There are many different types of cyberattacks that the U.S. 2020 election could face.

  • Attacks on electronic poll books and registration systems to remove individuals from voter rolls, swap their polling location, or claim they’ve voted when they haven’t.
  • Hacking attacks against election websites that educate the public on voting times, polling locations, and the current status of registrations.
  • Disinformation campaigns that disseminate inaccurate results through election night reporting system attacks.

Preventing these attacks requires clever contingency planning and addressing key issues present in the current systems that voters and their states engage with. This article aims to address these issues.

Upgrade voting machines

The most important step in protecting American elections is securing its voting machines. This is hardly a surprise given that the easiest form of attack to comprehend (and by far the most frightening) is the stealthy introduction of malware into voting machines so that election results are changed without anyone noticing.

The first step (and most important) in this process is giving paperless systems a “paper backup” of every vote, one that is verified by each voter. Without this, there is no way to independently assess whether the digital totals provided by the voting machines are legitimate. While this may seem like a huge step, this is something that the United States has made sizable progress towards achieving, that is, halving the number of paperless machines used before 2017.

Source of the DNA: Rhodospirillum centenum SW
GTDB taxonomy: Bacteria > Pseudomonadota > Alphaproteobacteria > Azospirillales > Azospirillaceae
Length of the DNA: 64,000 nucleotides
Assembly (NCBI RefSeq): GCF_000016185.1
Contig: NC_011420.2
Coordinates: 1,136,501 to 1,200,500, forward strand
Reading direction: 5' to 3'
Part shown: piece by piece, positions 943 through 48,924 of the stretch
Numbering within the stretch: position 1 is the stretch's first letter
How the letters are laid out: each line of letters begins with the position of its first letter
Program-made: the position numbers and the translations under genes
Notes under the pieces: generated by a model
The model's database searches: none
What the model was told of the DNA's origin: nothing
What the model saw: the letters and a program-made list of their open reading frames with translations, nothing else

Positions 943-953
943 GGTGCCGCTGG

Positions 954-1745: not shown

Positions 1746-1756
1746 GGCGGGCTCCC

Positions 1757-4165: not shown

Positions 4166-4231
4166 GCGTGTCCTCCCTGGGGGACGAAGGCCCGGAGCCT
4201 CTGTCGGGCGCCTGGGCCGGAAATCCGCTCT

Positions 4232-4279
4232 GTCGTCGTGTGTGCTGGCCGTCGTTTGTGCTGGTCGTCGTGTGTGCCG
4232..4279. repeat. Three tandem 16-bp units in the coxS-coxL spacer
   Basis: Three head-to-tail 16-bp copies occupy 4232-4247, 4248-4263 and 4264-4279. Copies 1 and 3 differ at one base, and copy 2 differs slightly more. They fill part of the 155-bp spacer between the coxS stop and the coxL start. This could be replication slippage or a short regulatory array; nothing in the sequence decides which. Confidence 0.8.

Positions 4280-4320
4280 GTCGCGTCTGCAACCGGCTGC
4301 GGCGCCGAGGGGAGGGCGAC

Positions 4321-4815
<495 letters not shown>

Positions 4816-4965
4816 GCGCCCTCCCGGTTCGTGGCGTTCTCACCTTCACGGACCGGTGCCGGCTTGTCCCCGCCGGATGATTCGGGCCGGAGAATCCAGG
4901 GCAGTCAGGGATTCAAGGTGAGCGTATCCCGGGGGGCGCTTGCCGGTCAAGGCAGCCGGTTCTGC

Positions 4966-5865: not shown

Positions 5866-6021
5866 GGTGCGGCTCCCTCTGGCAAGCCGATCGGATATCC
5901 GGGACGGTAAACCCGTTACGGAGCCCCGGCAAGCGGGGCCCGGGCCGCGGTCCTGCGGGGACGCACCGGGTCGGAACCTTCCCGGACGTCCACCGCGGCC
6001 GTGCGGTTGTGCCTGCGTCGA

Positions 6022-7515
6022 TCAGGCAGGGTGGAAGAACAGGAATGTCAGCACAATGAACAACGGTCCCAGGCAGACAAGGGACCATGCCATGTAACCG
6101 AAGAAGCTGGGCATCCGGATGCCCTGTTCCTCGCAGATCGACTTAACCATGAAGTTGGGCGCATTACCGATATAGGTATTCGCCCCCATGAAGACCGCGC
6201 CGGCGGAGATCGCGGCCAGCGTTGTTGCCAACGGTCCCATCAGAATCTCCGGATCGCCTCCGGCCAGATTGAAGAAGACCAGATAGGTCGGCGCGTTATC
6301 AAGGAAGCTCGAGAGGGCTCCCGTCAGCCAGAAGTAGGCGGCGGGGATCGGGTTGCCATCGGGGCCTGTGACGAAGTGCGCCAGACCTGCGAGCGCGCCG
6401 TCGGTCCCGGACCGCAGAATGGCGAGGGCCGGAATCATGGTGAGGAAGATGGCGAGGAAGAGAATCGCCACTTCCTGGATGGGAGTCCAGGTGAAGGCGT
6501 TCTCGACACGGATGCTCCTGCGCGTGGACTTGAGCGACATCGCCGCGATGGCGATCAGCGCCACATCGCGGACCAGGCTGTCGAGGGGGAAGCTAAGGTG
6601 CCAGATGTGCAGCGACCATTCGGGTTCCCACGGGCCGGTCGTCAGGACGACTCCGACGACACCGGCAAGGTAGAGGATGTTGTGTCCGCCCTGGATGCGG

In a general sense, most American voting machines pose a security risk just by virtue of their age. At a (Read more…)

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#cybersecurity | #hackerspace | Coronavirus: The Unexpected Human Element at RSA Conference 2020

Source: National Cyber Security – Produced By Gregory Evans

It was Sunday, February 23, 2020, and I was packing my bags for an early morning flight from Detroit to San Francisco for another week at an RSA Conference covering all things related to cybersecurity. The conference theme this year was “The Human Element,” which became an ironic choice of words.

While reading-up on the best sessions, pre-conference news and other hot cyber headlines, I noticed that several large companies had pulled out of the conference because of coronavirus fears.  

Here’s an excerpt from the Business Insider article that grabbed my attention: “Verizon pulled out of the RSA Conference on Friday, joining competitor AT&T and IBM as large sponsors with coronavirus concerns abandon the cybersecurity trade show that was expected to draw more than 40,000 to San Francisco next week. …”